Texas State dropped another game in the fourth quarter, allowing 25 unanswered points in the final 21 minutes of play and losing to South Alabama 41-31. The loss is the latest heartbreaker for a team that needs a win in one of these games to prove they can finish. We isolated three plays that were of great interest to us. Let’s take a look at them together, like a family that doesn’t speak to each other. So like a family.
Before we start, the intent here isn’t to replay the game or suggest a different outcome. If you took every game Saturday that was contested into the fourth quarter you’d be able to nitpick plays here or there that might’ve make a difference in the outcome. We found a couple of interesting refereeing/video review decisions. In the interest of full disclosure, video review cost South Alabama what we thought was a reception on the Texas State sideline. Officials make mistakes; it’s part of the game. It’s a tough job, in a game that moves faster than ever. But we write blog posts and eat Cheezits, and we’re all out of Cheezits.
Let us begin.
3rd and 2
A little context and a little situational football here. Texas State starting quarterback Willie Jones left the game with an injury three or four plays before this third down. True freshman Tyler Vitt came into the game in relief, and the ‘Cats converted a 3rd and six. Two runs later the Bobcats faced a third and two, just inside South Alabama territory at the 49.
Texas State is up 31-16, and they are in control. One the previous series, they went up by fifteen, and the Jaguars answered with a three and out. With just over eight minutes left in the third quarter, your starting quarterback questionable to return and facing a third and short, it’s time to press your boot on South Alabama’s throat.
Can you get two yards? It’s a question every offense in the country must ask itself. When you need to convert short yardage, can you lineup and rush for it? The answer to that question usually depends on whether you can win up front. It’s a simple question but it also strikes at the heart of your program and its culture. Are you a physical football team? The more physical football team typically wins.
My issue, generally, with Texas State’s offense is they are too cute. They are the bad kind of spread team, the type, like Texas A&M under Kevin Sumlin or Chad Morris SMU teams for example, that, for whatever reason, couldn’t run downhill. They can’t seal a game and work clock and impose their will. Can you get two yards?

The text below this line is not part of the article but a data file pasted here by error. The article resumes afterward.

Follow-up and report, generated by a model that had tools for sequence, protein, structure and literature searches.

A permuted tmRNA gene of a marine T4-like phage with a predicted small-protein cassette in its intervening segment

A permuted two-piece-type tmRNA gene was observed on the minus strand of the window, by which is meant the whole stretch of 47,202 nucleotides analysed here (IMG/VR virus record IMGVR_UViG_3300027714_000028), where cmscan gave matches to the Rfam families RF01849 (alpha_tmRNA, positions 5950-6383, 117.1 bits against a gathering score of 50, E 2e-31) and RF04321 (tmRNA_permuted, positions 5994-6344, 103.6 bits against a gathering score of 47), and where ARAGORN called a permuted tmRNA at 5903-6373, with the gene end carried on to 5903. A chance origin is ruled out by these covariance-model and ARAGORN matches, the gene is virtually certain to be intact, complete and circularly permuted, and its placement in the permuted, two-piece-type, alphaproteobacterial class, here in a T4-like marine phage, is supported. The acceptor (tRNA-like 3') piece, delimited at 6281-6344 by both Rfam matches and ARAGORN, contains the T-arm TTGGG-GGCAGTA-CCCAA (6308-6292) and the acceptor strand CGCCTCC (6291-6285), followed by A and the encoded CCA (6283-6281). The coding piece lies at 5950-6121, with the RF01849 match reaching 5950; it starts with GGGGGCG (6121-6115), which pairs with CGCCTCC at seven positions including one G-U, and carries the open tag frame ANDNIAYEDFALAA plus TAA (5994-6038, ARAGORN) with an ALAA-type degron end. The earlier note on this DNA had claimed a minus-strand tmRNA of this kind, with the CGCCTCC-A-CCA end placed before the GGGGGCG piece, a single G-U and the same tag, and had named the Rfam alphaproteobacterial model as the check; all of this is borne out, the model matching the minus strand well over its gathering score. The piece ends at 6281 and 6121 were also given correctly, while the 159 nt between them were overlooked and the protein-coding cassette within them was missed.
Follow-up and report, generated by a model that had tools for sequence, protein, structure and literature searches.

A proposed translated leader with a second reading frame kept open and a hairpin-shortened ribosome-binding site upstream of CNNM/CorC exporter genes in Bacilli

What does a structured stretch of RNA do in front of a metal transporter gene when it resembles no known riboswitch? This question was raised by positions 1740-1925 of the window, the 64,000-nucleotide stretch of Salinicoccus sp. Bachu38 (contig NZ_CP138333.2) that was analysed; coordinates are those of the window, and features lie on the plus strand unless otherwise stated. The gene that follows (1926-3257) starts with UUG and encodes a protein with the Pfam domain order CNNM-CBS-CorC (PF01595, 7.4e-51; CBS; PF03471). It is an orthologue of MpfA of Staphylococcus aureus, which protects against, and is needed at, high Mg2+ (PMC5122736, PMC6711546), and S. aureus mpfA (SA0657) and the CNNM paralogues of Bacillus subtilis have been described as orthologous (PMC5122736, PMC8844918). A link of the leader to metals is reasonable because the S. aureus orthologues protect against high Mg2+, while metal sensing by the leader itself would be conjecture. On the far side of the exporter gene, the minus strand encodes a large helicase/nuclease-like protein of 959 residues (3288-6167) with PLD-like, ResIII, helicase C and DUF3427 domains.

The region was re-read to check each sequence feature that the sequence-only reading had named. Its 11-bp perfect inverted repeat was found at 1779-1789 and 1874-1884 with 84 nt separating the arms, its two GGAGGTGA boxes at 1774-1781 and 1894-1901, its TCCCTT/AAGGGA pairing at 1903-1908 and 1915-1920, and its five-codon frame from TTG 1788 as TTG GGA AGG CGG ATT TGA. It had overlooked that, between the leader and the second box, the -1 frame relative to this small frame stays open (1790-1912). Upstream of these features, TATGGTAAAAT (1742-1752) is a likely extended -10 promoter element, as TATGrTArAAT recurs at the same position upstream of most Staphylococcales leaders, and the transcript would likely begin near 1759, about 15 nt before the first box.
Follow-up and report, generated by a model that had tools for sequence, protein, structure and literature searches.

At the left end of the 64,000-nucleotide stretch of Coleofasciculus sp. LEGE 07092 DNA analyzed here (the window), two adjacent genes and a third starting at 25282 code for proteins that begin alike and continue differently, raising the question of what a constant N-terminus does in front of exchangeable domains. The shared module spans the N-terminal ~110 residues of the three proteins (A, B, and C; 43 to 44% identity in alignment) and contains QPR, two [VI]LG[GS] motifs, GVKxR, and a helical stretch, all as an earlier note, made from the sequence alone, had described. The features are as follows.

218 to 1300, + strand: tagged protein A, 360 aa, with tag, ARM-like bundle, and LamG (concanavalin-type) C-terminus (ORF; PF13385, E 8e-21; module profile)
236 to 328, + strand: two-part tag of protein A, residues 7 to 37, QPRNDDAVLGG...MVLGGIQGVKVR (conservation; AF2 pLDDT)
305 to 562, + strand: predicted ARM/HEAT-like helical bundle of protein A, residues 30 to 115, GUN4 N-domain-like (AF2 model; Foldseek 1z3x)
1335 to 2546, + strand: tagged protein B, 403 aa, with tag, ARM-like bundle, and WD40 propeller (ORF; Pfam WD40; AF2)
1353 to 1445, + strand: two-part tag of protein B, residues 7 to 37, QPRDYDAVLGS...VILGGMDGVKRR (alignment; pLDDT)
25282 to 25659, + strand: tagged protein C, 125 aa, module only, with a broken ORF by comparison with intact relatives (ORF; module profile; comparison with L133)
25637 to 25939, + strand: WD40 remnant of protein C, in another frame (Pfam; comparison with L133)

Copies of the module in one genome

The Bobcats come out in their spread set; they run a scheme that was their go-to on third and short, play action with what is a “base” route set to the field side (slot runs and out, the wide man or “X” clears out by running a go). The running back’s action shows us this isn’t an RPO; he peels off quickly to pick up a rusher. He’s not getting the ball.
Coaches probably taught Vitt that when he gets man keys, as he does here, he’s going to throw the out route. Its pitch and catch, but as we see, the defense gets a say.
The corner is Jalen Thompson, he’s in man on the X, but he’s also got great situational awareness. He’s seen the Bobcats do this before on third and short and instead of opening up his hips to run with his man, he presses the X, reads Vitt’s eyes and squats. It’s a great play.
"On the last drive and the previous drive before that, they kept running a slide out on third and five. Coach told me to be a ballplayer. I saw the quarterback looking, and I jumped it" Thompson said afterward. He gets help from Vitt and the throw. Vitt misses on the inside of the plate. If you’re going to miss on an out route, you want to miss either high or to the boundary. Thompson undercuts the route, and the Jags are on their way to scoring 25 unanswered.
Thompson was a “ballplayer” and understanding situational football. He’s seen Texas State run the same route in the same situation before; he understands a couple of things. Thompson has help from the safety over the top. He also knows Vitt probably isn’t going to throw the vertical route on third and short.
Vitt’s throwing the out route, Thompson’s seen this movie before and he undercuts it. The issue is and going back to the base question, can you rush for two yards when you need it? Why put your freshman quarterback in the situation to make that throw if you can? Why add the extra variables? Maybe Texas State doesn’t like the answer to that question.
Block Below the Waist
Here’s a critical play that cost Texas State a first down inside the red zone. It’s first and ten from the South Alabama 38 yard line, Texas State leads 31-26. Anthony Taylor rips off a 25 yard run down to the Jaguar 13, but officials call guard David Tachie for an illegal block below the waist.
Blocking below the waist is legal for down linemen, inside the tackle box and so long as the block initiates to the front of the defender (the rules describe this as between “10 o’clock and 2 o’clock” forward of the player being blocked) and the block may occur as long as the ball is inside the tackle box. Officials define the tackle box or “low blocking zone” as the area from the outside shoulders of the offensive tackles or seven yards in either direction from the center and extending five yards in either direction from the neutral zone.